October 28, 2010

Bicentennial Crap

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[Note appended Jan. 24, 2011]

A few days ago, I received the following Facebook message:

heyy! so i just wanted to let you know that your column is hilarious and u seem like a catch…lemme know if you want to grab a coffee or something?

I was a bit disappointed that she said nothing about my sculpted jaw but I immediately messaged her to accept. I then got a message saying she was busy with prelims, so we would have to wait until next week. I can’t wait to actually hang out with my new girlfriend.

What is your least favorite movie?

It is a question my friends and I debate all the time. We all seem to have the same taste in favorite movies but our views on the worst movies are all over the spectrum. There are thousands of reasons as to why a movie can be bad, but most of the time they revolve around bad plot (Boondock Saints), script (Gigli) or Keanu Reeves is in it (acting).

The point is that bad movies cause heated and endless debates. My best friend and I still argue about the merits of Legally Blonde. He thinks that it’s a terrible movie, I think that he doesn’t go to an Ivy League school so he doesn’t know what he’s talking about. Legally Blonde launched Reese Witherspoon’s career, explored an entirely unknown territory for blondes in movies (that they can be taken seriously) and catapulted Harvard Law School up the rankings. If you don’t believe that last point, let me ask you, do you know more about Harvard Law today compared to when you first saw the movie? BOOM! Mind=Blown.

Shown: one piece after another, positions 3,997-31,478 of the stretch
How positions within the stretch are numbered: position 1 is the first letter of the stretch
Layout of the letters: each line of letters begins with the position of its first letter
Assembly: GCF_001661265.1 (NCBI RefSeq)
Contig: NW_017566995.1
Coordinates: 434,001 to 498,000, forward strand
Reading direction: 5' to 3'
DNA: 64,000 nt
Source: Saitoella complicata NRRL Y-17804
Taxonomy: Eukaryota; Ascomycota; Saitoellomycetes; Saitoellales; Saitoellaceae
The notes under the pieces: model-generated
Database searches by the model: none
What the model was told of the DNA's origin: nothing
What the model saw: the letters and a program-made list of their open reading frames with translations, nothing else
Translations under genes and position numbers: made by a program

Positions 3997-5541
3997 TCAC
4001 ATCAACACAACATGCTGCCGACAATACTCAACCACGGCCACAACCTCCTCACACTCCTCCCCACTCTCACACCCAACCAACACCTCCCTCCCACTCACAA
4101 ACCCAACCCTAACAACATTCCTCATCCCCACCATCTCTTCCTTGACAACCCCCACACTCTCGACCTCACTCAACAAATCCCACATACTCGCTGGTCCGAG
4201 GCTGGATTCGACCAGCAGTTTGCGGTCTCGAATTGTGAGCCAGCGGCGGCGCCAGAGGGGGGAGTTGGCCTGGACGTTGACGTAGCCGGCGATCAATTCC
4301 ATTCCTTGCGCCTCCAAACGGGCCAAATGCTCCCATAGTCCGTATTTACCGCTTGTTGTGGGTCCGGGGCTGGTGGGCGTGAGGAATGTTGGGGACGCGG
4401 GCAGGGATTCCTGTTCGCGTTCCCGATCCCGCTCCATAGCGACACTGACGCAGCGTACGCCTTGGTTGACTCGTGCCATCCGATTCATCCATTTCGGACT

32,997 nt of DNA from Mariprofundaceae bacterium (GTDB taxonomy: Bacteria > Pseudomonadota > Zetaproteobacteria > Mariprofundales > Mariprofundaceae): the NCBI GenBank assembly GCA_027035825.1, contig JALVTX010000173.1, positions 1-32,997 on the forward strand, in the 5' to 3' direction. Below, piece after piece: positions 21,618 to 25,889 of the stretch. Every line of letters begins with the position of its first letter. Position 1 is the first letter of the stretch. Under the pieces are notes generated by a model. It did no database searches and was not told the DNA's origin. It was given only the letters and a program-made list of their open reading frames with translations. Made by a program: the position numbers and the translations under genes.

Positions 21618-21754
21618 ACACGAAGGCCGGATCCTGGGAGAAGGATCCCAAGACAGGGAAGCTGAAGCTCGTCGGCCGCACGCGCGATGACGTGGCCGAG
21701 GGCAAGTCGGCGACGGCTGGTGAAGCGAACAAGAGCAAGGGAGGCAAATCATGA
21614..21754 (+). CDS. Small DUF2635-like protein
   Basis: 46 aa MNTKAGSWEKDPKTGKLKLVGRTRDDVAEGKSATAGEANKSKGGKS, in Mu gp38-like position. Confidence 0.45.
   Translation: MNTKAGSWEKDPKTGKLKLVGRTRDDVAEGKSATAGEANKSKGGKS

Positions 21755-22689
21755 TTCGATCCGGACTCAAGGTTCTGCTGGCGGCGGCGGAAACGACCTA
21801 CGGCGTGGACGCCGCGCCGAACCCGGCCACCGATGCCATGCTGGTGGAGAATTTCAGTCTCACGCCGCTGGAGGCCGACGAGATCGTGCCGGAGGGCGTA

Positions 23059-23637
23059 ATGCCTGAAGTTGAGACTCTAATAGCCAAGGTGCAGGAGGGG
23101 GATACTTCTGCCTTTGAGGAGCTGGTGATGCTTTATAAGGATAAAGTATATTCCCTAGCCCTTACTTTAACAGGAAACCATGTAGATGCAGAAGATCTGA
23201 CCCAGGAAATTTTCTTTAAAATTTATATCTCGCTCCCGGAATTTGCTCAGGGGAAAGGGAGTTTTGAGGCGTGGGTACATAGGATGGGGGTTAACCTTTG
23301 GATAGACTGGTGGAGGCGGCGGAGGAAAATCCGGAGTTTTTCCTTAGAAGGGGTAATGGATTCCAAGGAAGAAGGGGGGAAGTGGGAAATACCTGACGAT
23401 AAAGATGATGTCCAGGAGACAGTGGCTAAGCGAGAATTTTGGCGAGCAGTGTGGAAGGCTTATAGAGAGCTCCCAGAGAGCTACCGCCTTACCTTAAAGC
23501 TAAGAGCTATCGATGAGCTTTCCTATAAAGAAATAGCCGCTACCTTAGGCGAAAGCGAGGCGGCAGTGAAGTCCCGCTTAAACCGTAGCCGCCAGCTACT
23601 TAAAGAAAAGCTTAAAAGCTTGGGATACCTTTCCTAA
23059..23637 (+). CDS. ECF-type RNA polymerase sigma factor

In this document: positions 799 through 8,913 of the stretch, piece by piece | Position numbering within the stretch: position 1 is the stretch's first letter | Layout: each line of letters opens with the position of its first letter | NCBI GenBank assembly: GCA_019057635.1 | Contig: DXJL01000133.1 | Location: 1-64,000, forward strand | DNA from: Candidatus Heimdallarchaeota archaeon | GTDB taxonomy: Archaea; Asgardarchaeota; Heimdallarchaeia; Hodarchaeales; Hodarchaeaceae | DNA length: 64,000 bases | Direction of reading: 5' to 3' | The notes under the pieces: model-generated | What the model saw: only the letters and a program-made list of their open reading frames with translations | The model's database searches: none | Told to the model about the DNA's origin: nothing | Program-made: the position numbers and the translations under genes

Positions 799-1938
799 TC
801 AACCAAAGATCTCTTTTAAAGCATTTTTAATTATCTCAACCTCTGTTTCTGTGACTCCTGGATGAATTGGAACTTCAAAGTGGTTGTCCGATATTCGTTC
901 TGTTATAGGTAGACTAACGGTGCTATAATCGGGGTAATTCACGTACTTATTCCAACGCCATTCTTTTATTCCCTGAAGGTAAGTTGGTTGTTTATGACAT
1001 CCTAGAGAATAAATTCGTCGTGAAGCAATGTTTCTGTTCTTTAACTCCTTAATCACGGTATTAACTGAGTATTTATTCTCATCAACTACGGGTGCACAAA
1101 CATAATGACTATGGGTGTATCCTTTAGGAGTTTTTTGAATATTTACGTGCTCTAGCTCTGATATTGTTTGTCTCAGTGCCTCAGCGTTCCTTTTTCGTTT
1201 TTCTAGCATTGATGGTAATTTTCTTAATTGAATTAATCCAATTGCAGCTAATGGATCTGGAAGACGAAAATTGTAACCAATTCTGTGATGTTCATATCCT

Most of all, the movie accomplished all that it aspired to be — a quirky but mainstream rom-com with a solid lesson. When dealing with heartbreak, it is best to go through life looking forward. Before you know it you’ll meet someone even better, albeit as long as you go to Harvard Law and look like Reese Witherspoon.

Where Legally Blond succeeds, Bicentennial Man, my least favorite movie, fails in every conceivable way. Here is a brief synopsis for you to judge on your own:

Set in the future (2005), a family buys a robot to do chores and take the kids to the beach, because this is the future and there is no need for human labor. At first, the robot is bad at his job and the kids don’t like him because he breaks their crystal pony, but he replaces it by carving a new horse out of wood. WTF, a robot is showing compassion and might possibly be displaying some human tendencies!? What a ground-breaking scene that’s never been done before ever! (A.I., Terminator, Wizard of Oz, Betty from Mad Men) Mr. Smith notices this human quality and makes the next logical step in developing the robot by making it build grandfather clocks for 20 years.

In the future, grandfather clocks are really popular for some reason and the robot makes a lot of money because robots need money for food, shelter and buying Sony Bravias. (I think the writers put this grandfather clock bit in the plot to make the rest of the movie seem plausible as the robot uses this fortune to fund the rest of his exploits for the next 200 years. lolz).